India saved more than $4 billion in fuel costs through solar power generation in the first half of 2022, a report has found.
Energy think tank Ember, the Centre for Research on Energy and Clean Air and the Institute for Energy Economics and Financial Analysis released a report on the growth of solar power in seven Asian countries between January and June this year.
The report explored electricity generation analysis, energy generation cost estimates and in-depth policy assessments across China, India, Japan, South Korea, Vietnam, the Philippines and Thailand.
It found that in India, where the high price of coal is a major factor for the continuing energy crisis, solar generation helped to “avoid $4.2bn in fuel costs in the first half of the year”.
“India has established a good track record on solar capacity additions and is well positioned to make a sprint towards its target of 280 gigawatts by 2030, a six-fold increase on current levels," the report said.
“If achieved, this would make India home to one of the world’s largest solar fleets by the end of the decade."
India has been pushing for the adoption of clean energy technology to cut fuel bills and reduce emissions.
About 75 per cent of India's electricity is generated by burning coal, but the government wants to generate 500 gigawatts of renewable energy by 2030.
About 300 gigawatts is expected to come from solar power.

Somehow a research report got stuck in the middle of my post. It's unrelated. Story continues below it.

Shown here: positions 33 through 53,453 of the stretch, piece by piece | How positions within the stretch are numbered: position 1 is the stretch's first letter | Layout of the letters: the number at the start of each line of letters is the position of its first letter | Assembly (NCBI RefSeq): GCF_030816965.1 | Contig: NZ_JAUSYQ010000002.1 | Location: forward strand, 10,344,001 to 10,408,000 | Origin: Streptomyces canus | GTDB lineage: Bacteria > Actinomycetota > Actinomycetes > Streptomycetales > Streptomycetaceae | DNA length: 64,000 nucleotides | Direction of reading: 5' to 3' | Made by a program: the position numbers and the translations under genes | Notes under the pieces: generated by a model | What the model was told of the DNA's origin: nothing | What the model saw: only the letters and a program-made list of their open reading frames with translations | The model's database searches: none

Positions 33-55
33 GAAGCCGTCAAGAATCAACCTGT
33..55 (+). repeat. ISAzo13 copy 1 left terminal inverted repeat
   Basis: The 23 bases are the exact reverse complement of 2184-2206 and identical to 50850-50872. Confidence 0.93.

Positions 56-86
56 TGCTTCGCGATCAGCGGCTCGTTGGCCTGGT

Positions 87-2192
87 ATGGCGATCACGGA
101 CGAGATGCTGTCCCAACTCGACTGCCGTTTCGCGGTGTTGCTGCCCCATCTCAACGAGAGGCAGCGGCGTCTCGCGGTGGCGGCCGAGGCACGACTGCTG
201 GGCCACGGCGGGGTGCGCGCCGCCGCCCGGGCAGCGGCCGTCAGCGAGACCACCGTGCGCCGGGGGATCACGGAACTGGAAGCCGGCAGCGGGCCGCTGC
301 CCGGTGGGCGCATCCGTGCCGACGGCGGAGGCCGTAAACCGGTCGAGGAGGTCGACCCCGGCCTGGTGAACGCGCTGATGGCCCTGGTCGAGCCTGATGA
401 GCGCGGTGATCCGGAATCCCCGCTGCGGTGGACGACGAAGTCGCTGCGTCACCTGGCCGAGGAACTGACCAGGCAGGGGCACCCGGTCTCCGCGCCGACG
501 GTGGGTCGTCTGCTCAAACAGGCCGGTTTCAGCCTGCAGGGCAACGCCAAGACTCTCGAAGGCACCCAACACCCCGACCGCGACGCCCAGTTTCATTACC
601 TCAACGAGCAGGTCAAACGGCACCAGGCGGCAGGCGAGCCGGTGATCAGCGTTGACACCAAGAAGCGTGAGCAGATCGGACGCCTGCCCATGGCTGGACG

India has 34 major solar projects at various stages of development. It has also launched initiatives such as rooftop solar programmes and grids on farm land to power irrigation and reduce the subsidy burden on the government.
But there are several challenges, including regulations, unsigned power supply agreements, banking restrictions and basic customs duties on imported cells and modules.
India largely relies on imported components such as solar cells to support its domestic manufacturing industry.
New Delhi imported solar wafers, cells, modules and inverters worth $2.5bn in 2019-2020 from China, government data shows.
A project that aims to promote the use of solar panels on rooftops is also lagging.
The initiative has reportedly achieved 7.9 gigawatts of installed rooftop solar capacity until June this year, having set a target of 40 gigawatts by the end the year.
“India is the world’s fifth-largest country for solar installations, but it needs to work through impediments, especially to distributed solar, if it is going to reach its solar targets," the report said.
“If India achieves its solar target to provide 19 per cent of the country’s electricity generation in 2030, it could avoid at least $11bn fuel costs."
Researchers also found that five of the top 10 economies with solar capacity are now in Asia, including China, Japan, India, South Korea and Vietnam.
“Asian countries have shown that rapid solar deployment is possible, setting a remarkable example and providing valuable lessons learnt for their peers in the region,” said Dr Achmed Shahram Edianto, an electricity analyst at Ember.
“As the prices of solar and storage plummet, and the potential cost savings have started to materialise, solar dominance in Asia now looks to come much sooner than previously expected."